Educational Studies in Mathematics
, Volume 28, Issue 1, pp 3554
Generating multiple solutions for a problem: A comparison of the responses of U.S. and Japanese students
 Edward A. SilverAffiliated withLearning Research and Development Center and Dept. of Curriculum & Instruction, University of Pittsburgh
 , Shukkwan S. LeungAffiliated withDept. of Mathematics and Science Education, National Chiayi Teachers College
 , Jinfa CaiAffiliated withDept. of Mathematics, Statistics & Computer Science, Marguetle University
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A task involving simple mathematics, yet complex in its call for the generation of multiple solution methods, was administered to about 150 U.S. students, most of whom were in fourth grade. Written responses were examined for correctness, evidence of strategy use and mode of explanation. Results for the U.S. sample were also compared to those obtained from about 200 Japanese fourthgrade students. Students in both countries (a) produced multiple solutions and explanations of their solutions, (b) exhibited almost identical patterns and frequency of strategy use across response occasions, and (c) used the same kinds of explanations, with a majority of the responses involving solution explanations that combined both visual and verbal/symbolic features. Nevertheless, Japanese students tended to produce explanations involving more sophisticated mathematical ideas (multiplication rather than addition) and formalisms (mathematical expressions rather than verbal explanations) than did U.S. students.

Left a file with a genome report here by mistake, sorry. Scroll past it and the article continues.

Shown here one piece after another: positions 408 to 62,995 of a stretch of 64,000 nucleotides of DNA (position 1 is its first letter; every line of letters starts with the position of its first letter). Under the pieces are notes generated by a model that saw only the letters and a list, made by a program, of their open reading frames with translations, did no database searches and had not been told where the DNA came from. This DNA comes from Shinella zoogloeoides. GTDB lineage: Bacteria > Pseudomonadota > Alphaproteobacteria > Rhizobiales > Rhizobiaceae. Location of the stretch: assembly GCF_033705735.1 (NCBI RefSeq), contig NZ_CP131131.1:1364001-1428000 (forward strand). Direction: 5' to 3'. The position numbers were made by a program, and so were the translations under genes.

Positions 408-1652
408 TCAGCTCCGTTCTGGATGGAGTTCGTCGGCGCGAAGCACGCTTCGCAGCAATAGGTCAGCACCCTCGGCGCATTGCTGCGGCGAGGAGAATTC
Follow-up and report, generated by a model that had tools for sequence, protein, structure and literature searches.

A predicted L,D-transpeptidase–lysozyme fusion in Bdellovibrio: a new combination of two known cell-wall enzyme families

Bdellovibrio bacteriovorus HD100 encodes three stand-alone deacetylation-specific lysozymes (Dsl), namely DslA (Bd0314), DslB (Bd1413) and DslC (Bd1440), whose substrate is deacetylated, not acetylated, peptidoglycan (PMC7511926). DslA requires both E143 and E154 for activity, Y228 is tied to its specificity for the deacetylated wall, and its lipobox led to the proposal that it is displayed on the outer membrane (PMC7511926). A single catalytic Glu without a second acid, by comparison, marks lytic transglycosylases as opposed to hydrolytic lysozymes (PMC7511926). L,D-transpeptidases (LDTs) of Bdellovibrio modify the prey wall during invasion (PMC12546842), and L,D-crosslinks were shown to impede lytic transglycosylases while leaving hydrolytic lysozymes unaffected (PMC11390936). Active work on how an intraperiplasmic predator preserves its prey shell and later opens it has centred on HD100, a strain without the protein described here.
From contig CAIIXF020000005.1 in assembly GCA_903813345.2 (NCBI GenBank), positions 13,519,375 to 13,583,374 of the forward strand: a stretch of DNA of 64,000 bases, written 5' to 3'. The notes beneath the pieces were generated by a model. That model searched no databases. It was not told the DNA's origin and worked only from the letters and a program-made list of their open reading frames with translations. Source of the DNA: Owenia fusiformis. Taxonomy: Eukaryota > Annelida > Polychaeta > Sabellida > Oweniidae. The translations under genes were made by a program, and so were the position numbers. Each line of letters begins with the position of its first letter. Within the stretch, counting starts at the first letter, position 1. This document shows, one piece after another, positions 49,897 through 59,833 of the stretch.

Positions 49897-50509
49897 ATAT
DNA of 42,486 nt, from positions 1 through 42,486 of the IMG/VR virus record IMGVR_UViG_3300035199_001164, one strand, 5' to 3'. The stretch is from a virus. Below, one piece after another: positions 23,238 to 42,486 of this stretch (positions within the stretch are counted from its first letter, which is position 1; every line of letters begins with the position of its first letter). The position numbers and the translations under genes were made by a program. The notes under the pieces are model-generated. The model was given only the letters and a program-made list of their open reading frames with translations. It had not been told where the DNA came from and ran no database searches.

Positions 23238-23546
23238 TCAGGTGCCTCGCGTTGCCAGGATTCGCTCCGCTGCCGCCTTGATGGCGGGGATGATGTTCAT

Title
 Generating multiple solutions for a problem: A comparison of the responses of U.S. and Japanese students
 Journal

Educational Studies in Mathematics
Volume 28, Issue 1 , pp 3554
 Cover Date
 199501
 DOI
 10.1007/BF01273855
 Print ISSN
 00131954
 Online ISSN
 15730816
 Publisher
 Kluwer Academic Publishers
 Additional Links
 Authors

 Edward A. Silver ^{(1)}
 Shukkwan S. Leung ^{(2)}
 Jinfa Cai ^{(3)}
 Author Affiliations

 1. Learning Research and Development Center and Dept. of Curriculum & Instruction, University of Pittsburgh, 15260, Pittsburgh, PA, U.S.A
 2. Dept. of Mathematics and Science Education, National Chiayi Teachers College, Chia Yi, Taiwan; R.O.C
 3. Dept. of Mathematics, Statistics & Computer Science, Marguetle University, 53233, Milwaukee, WT, U.S.A